President Joe Biden on Tuesday announced an end to federal use of private prisons, a move he heralded as a blow to mass incarceration but which would affect just 2 percent of all prisoners.
Biden’s executive order, which requires the Department of Justice to begin phasing out private detention contracts, is specifically targeted at “decreas[ing] incarceration levels” by reducing “profit-based incentives to incarcerate.” Speaking to the press Tuesday, Biden called the order “just the beginning of my administration’s plan to address systemic problems in our criminal justice system.”
“President Biden is committed to reducing mass incarceration while making our communities safer,” White House press secretary Jen Psaki said during a briefing on the order. “That starts with ending the federal government’s reliance on private prisons.”
But the federal government is not reliant on private prisons, and the order would affect less than 2 percent of all prisoners in the United States, official data show, including just 16 percent of federal prisoners. It would also not reduce incarceration, as prisoners would be moved to public facilities and would likely leave untouched the many federal private prison detainees housed under the authority of the Department of Homeland Security.
Biden’s order instead follows private prisons’ role as a popular scapegoat for advocates of “criminal justice reform,” who argued as far back as the Obama administration that profit-motivated corporations would tend to increase incarceration. That position is similar to other popular arguments—like advocacy for marijuana legalization on decarceration grounds—that allow proponents of reform to avoid talking about prisons’ large population of violent offenders.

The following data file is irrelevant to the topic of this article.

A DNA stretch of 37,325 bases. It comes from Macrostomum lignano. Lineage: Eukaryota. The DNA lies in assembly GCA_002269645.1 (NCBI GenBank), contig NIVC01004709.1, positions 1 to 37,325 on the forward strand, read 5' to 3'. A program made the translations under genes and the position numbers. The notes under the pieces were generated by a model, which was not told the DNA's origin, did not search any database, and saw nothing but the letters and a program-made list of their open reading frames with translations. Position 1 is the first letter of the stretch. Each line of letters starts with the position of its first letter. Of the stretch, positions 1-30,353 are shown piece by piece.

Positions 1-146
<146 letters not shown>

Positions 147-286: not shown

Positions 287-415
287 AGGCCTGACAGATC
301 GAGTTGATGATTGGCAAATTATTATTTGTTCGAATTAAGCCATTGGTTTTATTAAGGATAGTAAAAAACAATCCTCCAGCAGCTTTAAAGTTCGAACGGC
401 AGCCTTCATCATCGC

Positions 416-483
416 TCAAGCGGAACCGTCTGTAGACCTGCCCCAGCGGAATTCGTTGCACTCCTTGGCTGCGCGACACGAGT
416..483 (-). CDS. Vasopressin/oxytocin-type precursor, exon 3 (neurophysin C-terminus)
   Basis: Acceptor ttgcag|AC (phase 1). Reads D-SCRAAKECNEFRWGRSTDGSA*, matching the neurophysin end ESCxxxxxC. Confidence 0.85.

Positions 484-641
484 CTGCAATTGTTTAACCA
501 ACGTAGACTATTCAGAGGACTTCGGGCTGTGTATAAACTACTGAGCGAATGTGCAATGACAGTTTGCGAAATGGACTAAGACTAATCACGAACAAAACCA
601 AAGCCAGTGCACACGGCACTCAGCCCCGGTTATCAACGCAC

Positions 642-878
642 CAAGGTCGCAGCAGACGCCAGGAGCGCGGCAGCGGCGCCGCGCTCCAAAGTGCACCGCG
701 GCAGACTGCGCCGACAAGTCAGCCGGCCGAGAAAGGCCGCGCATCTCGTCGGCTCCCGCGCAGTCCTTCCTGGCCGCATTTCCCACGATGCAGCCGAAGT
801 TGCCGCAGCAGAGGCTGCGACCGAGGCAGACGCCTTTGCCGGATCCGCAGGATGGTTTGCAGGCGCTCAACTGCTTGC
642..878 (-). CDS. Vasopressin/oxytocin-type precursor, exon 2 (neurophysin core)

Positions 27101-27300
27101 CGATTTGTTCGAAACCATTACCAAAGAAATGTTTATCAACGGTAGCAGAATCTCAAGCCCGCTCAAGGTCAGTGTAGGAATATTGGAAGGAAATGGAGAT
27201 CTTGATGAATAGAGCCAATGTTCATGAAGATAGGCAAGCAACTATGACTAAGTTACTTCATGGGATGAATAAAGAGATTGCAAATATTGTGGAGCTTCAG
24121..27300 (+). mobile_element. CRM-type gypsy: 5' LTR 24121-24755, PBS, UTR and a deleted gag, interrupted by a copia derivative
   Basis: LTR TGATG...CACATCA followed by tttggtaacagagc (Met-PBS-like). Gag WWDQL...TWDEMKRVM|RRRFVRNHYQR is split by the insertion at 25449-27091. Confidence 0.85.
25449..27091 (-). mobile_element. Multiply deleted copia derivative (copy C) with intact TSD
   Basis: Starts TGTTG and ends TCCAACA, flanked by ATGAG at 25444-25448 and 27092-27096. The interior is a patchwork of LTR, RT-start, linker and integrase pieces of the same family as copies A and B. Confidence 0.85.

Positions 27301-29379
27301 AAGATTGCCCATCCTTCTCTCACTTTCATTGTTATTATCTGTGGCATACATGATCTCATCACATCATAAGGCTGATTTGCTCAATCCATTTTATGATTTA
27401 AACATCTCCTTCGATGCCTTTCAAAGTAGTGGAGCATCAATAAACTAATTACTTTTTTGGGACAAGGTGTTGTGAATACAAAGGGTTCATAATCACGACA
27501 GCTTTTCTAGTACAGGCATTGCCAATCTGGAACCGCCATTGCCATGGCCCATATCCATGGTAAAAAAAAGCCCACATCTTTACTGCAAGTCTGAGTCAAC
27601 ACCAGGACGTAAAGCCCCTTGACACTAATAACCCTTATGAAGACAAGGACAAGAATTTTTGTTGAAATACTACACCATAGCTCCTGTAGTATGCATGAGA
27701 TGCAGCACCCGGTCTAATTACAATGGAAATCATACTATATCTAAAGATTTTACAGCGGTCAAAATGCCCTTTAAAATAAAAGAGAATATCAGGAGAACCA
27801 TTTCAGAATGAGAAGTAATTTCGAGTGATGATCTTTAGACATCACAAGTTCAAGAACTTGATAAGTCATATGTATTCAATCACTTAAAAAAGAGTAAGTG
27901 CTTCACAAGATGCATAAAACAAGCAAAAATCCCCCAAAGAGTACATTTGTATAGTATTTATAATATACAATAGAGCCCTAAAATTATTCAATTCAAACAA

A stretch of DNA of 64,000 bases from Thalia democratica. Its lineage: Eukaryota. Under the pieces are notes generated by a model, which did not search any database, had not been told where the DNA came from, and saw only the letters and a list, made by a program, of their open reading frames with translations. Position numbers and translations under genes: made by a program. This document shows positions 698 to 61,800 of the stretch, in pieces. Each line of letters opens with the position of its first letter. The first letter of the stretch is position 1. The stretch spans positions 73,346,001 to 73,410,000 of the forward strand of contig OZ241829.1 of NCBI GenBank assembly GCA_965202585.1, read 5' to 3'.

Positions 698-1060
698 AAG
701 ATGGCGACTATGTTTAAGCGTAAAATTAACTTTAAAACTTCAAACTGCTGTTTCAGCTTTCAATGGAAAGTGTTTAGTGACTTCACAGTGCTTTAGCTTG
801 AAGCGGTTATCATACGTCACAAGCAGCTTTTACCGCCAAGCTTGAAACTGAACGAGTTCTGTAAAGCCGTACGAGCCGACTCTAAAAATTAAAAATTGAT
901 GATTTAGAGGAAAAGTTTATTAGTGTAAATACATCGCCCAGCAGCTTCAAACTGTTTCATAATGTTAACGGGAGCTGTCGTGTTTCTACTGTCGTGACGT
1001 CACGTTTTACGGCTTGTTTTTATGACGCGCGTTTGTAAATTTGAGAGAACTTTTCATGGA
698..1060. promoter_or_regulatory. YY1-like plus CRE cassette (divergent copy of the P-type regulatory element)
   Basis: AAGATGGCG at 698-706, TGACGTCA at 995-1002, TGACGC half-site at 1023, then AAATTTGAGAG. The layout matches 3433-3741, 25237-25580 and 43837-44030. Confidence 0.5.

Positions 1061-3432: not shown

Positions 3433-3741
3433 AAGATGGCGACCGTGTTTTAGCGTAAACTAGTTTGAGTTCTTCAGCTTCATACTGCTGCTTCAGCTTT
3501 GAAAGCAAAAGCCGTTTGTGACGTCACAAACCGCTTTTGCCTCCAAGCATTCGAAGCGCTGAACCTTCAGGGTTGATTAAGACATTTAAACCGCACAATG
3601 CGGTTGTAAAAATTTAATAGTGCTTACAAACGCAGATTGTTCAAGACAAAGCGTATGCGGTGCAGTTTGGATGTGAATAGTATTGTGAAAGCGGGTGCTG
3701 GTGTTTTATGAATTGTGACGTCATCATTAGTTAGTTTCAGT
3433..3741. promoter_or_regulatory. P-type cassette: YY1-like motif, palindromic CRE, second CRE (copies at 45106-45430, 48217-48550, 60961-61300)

In its specifics, the new order only requires that the Department of Justice not renew its contracts with “privately operated criminal detention centers.” It does not implicate detention centers administered by other departments. That may mean that private entities will still detain illegal aliens pending deportation, who account for “the vast majority of contractor-operated facilities,” according to the private prison group Day One Alliance.
In other words, the Biden order may target a small share of a small share of offenders. Data from the Bureau of Justice Statistics indicate that private prisons hold just 7 percent of state prisoners and 16 percent of federal prisoners. In total, they detain roughly 116,000 of the roughly 1.4 million prisoners in the United States—the federal prisons that Biden’s order would close house just 28,000 people or roughly 2 percent of the U.S. prison population.
In fact, the BJS data show, the federal private prison population was already in decline, falling between 2018 and 2019. Just five states hold more than 20 percent of their prisoners in private prisons, while 18 states hold none at all.
These facts did not stop “criminal justice reform” groups from praising Biden’s executive order, with the ACLU’s David Fathi calling it “an important first step toward acknowledging the harm that has been caused and taking actions to repair it.” It also garnered praise from the union representing some 30,000 federal prison workers, who stand to gain from the closing of competitors.
Biden’s order explicitly restarts an initiative of the last days of the Obama administration, which similarly prepared a phase-out in the months leading up to the 2016 election. Following his victory, President Donald Trump reversed that decision shortly after taking over the White House.
That made it a popular punching bag in the ensuing years, particularly during the 2020 Democratic primary. Then, contenders such as Sens. Elizabeth Warren (D., Mass.) and Cory Booker (D., N.J.) took aim at it, as did now-Vice President Kamala Harris. Those candidates likely induced Biden to pull his criminal justice platform to the left, including endorsing an end to federal private prisons—part of a larger effort to shed a tough-on-crime image from his days in the Senate.
Opposition to private prisons in the 2020 field followed that group’s use of other popular progressive talking points on “criminal justice reform,” like the debunked claim that marijuana criminalization is a major driver of incarceration. Just as with prisoners in private prisons, marijuana offenders account for a small fraction of overall prisoners. In reality, 48 percent of prisoners are violent offenders, a fraction that has risen even as prison populations have shrunk over the past decade and a half.
Charles Fain Lehman is a staff writer for the Washington Free Beacon. He writes about policy, covering crime, law, drugs, immigration, and social issues. Reach him on twitter (@CharlesFLehman) or by email at firstname.lastname@example.org.